Posted in Lesko Blog | Read More »

Baruch Prez Plays Little League….

According to an article in The Ticker, Dr. Kathleen Waldron scored a $10,735 raise to bring her annual salary to $249,285. Nice. Of course, compared to University of Michigan President Dr. Mary Sue Coleman’s salary of $743,151, Waldron’s salary is, well, Little League. Then again, so is Dr. Waldron’s decision to reduce the pay of […]

Posted in Part-Time Thoughts | Read More »

Hit Me With Your Best Shot

I just popped online to view our November 2007 webpage statistics. Before you yawn and decide that I am waaaaaaay too nerdy, let me promise that I won’t get too technical. To begin, I will say in my defense that I do not view the stats every month. However, having a webpage is like sending […]

Posted in Lesko Blog | Read More »

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From the Archive

  • LIU-Brooklyn Faculty Lockout: Why Americans Don’t Care

    by P.D. Lesko From The Atlantic (Monthly) to the Pacific, newspapers, magazines, online education news sites, columnists, bloggers, pundits, activists, unionists, Facebook friends and Tweeps worked the “Je Suis Charlie” angle hard on behalf of the 400 faculty whom the President of Long Island University-Brooklyn (LIU-Brooklyn) locked out for 12 days in response to a […]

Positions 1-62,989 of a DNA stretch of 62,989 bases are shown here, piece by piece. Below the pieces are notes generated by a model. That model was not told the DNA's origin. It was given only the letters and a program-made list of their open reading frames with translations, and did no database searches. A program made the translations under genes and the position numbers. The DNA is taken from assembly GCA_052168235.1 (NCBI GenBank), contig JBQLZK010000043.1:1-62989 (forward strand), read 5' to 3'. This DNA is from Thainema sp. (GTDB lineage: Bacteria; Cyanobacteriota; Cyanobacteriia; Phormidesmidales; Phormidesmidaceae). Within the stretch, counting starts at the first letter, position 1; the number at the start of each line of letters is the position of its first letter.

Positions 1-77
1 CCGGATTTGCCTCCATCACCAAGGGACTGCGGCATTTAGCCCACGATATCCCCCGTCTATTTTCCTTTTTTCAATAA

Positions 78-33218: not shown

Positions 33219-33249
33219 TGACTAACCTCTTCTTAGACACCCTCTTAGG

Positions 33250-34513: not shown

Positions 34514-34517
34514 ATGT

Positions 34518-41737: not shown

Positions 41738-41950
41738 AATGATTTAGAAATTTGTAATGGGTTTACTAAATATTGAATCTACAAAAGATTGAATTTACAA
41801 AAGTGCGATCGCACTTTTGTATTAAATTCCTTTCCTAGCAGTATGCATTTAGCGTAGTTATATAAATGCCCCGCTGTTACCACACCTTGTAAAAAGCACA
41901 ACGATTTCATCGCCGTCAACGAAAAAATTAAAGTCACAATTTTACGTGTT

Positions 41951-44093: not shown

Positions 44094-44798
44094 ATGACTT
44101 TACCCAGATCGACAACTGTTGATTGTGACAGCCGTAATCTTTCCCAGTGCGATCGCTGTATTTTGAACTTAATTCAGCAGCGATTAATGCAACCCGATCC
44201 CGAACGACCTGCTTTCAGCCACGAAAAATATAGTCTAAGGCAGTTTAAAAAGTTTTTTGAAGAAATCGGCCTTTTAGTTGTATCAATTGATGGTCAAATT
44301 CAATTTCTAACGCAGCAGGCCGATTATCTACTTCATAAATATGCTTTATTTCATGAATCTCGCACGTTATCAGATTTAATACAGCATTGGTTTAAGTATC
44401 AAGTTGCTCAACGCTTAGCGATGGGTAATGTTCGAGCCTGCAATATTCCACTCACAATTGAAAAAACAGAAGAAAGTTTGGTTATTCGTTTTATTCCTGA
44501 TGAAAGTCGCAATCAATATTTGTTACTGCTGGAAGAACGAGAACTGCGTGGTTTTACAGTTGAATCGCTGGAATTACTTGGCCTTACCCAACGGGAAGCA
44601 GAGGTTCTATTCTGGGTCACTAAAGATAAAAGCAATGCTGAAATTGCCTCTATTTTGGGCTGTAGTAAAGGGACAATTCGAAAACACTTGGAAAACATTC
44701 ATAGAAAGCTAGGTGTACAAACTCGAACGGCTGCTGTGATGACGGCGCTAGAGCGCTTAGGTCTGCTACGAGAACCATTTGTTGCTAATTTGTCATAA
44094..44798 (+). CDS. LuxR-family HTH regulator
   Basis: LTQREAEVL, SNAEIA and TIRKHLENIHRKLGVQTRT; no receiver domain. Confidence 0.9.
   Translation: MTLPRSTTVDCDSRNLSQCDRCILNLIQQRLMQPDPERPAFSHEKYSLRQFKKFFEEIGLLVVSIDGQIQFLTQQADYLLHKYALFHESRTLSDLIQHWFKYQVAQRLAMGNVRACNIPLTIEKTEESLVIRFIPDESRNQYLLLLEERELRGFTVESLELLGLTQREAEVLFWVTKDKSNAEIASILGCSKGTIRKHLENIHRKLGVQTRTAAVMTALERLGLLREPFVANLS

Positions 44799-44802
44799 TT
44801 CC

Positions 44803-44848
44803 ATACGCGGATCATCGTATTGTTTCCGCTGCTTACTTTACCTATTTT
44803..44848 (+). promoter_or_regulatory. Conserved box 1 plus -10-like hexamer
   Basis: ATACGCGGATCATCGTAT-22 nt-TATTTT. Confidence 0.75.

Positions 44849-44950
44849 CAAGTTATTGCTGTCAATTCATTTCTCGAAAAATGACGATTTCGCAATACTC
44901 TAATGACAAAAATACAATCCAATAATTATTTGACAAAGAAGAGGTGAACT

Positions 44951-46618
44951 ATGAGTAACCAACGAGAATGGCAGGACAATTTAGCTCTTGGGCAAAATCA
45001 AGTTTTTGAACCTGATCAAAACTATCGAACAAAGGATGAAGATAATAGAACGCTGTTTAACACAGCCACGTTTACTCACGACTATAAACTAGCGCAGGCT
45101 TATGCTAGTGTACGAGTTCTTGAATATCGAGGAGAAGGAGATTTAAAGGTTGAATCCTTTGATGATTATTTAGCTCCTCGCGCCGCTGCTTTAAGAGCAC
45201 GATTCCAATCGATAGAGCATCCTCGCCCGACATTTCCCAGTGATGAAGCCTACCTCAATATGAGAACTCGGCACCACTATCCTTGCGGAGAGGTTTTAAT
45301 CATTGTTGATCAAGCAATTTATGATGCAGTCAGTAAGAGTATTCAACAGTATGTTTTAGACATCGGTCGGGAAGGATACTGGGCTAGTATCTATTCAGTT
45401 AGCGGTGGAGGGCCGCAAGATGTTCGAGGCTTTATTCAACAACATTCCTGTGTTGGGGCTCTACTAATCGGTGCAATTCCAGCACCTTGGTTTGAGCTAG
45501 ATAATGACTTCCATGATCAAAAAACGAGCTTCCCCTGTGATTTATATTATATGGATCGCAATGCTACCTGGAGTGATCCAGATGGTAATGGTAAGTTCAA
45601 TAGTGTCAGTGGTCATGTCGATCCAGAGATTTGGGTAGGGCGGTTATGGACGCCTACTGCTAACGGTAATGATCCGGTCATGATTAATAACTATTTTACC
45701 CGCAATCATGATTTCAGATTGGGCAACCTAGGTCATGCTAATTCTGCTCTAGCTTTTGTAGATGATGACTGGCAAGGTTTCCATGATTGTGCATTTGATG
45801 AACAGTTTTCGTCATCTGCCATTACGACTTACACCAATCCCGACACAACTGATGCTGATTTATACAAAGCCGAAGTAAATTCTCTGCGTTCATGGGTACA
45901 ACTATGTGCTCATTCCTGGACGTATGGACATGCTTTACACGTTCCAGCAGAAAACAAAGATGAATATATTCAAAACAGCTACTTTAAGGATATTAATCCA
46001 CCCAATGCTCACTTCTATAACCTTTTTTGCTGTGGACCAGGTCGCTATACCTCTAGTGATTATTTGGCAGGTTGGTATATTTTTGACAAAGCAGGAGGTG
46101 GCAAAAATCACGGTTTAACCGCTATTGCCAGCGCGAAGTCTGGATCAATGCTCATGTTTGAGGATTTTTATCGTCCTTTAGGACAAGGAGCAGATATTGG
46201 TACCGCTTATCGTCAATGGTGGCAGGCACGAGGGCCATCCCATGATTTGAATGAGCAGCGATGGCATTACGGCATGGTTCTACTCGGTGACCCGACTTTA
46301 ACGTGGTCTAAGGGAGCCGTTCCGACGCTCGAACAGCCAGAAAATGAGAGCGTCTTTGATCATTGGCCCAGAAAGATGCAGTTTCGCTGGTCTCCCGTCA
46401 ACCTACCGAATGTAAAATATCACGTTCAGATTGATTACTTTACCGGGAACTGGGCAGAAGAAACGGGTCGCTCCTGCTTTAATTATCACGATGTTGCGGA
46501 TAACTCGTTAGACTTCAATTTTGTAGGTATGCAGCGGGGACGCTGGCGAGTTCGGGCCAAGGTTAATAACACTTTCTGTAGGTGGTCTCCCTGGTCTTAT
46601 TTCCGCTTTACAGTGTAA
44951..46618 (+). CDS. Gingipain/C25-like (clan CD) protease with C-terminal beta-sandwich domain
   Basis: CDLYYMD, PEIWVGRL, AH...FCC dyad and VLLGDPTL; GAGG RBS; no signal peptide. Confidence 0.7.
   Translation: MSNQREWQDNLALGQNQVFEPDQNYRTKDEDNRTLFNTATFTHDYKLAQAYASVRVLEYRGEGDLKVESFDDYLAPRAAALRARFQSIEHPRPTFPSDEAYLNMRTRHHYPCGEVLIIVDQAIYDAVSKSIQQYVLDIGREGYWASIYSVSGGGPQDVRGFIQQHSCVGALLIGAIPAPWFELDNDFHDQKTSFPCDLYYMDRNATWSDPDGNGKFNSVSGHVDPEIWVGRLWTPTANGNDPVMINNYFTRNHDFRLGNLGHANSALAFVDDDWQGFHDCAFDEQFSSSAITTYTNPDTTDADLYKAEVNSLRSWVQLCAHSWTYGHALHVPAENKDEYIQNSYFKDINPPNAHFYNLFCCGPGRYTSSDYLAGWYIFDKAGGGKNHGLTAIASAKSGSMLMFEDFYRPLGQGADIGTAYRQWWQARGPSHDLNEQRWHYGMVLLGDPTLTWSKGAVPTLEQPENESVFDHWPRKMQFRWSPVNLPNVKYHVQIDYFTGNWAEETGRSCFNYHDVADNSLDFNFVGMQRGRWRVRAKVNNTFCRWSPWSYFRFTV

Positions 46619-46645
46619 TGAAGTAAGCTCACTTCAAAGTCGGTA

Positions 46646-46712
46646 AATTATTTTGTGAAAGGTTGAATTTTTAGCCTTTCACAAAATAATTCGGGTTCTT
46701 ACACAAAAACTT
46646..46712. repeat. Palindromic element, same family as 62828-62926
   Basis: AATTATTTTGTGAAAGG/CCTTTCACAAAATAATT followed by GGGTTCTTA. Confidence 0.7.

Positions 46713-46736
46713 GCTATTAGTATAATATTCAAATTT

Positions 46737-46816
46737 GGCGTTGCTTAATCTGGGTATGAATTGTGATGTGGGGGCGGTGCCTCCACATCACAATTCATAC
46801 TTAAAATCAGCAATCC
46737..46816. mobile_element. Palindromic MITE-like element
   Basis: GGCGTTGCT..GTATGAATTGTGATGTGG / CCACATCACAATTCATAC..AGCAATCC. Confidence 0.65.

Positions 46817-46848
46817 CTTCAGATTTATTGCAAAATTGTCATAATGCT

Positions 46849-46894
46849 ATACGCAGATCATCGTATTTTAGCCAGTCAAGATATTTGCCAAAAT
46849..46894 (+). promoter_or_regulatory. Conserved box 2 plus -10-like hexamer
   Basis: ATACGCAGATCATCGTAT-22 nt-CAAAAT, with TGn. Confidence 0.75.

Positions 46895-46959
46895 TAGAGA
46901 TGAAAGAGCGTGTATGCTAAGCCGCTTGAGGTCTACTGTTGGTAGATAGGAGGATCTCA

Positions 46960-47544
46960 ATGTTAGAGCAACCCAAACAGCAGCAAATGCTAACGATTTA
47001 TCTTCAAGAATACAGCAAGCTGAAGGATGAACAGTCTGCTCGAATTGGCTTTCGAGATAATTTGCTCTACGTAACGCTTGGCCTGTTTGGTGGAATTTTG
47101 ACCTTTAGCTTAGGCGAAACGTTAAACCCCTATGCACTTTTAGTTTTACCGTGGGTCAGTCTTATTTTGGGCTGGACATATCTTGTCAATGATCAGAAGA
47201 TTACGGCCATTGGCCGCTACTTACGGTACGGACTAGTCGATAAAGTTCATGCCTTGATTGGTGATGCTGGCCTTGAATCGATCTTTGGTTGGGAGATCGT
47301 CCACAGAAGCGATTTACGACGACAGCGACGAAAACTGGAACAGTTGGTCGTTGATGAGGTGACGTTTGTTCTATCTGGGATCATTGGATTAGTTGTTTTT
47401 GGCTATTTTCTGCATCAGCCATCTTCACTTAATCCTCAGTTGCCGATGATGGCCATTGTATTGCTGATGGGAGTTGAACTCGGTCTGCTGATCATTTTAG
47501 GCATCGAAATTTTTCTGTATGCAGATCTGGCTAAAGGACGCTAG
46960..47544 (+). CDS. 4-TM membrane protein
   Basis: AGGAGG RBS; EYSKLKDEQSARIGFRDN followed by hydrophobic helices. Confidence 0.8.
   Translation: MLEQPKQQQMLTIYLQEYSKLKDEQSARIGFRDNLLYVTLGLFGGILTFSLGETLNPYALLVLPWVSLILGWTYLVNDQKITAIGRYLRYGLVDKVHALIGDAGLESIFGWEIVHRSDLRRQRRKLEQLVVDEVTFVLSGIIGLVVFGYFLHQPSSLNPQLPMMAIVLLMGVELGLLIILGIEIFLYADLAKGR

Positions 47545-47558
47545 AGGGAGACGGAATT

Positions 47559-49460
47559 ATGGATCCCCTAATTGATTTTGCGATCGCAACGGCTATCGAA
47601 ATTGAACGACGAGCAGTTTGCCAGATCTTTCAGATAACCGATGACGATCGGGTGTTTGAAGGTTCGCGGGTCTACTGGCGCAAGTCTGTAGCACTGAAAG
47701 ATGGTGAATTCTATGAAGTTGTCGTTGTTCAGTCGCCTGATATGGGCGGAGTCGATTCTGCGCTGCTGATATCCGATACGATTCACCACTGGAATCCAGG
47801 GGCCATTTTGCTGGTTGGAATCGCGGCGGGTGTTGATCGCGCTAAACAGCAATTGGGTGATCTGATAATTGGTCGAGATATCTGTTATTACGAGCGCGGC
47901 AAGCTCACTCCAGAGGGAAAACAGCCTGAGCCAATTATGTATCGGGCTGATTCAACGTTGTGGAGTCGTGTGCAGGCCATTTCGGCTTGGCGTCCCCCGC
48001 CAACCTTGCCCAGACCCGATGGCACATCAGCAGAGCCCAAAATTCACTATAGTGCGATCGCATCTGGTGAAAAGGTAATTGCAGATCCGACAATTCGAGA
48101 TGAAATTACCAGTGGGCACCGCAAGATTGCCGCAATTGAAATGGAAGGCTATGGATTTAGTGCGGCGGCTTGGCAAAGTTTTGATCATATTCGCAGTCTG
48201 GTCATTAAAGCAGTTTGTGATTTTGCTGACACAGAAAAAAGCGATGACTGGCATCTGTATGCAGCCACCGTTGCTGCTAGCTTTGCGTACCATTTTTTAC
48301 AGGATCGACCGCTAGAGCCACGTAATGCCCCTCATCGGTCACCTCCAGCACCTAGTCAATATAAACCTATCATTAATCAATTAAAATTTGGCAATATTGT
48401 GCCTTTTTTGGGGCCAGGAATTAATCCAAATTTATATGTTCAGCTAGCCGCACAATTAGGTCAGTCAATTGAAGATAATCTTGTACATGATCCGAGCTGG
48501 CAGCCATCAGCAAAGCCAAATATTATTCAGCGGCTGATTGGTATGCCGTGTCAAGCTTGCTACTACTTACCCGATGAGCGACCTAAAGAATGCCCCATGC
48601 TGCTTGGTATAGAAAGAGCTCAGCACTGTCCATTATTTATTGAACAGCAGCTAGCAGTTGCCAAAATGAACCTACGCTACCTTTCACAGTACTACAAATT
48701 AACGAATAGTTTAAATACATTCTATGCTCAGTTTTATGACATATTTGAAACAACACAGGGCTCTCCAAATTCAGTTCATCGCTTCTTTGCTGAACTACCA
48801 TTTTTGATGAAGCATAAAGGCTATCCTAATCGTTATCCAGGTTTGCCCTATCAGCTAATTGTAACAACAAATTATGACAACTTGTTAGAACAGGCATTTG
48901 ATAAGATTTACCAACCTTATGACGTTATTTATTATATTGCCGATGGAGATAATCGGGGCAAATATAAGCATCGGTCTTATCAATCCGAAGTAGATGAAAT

• Resources for Finding Work Abroad

    by Jeannie Barry-Sanders LOOKING FOR INTERNATIONAL work, whether abroad or in the U.S., can be daunting–and downright frustrating without good resources. Fortunately, there are now many useful guides for job searches in almost any field or discipline in almost any country. However, you won’t find many of these published resources in your local bookstore. Some […]

  • Syllabus-writing as Storytelling

    Dr. Raul Pacheco-Vega Earlier this week, I realized that we had passed the mid-semester mark (our semester is uncharacteristically long, 16 weeks of class instead of the traditional 13 that I used to teach in Canada). I thus added a couple of extra slides to my PowerPoint presentation recapping our progress to date and how […]

  • Best of the Web: Distance Education Resources

    by Vicki Urquhart ON-LINE EDUCATION HAS been around long enough for us to know that for students to be successful they should possess certain traits or skills, such as self-motivation, determination, time-management skills, and a high comfort level with technology. In turn, on-line instructors need these same skills; the presence of good technical support in […]

  • Taking Courses at the Local APM

    by Bob Robinson IT’S 7:30 A.M. You polish up your term paper (actually, you fill in the blanks on the cover page of the paper you purchased on-line), copy it onto a floppy, throw on your coat and rush out the door, mumbling something about being late for work. You rush down to the nearest […]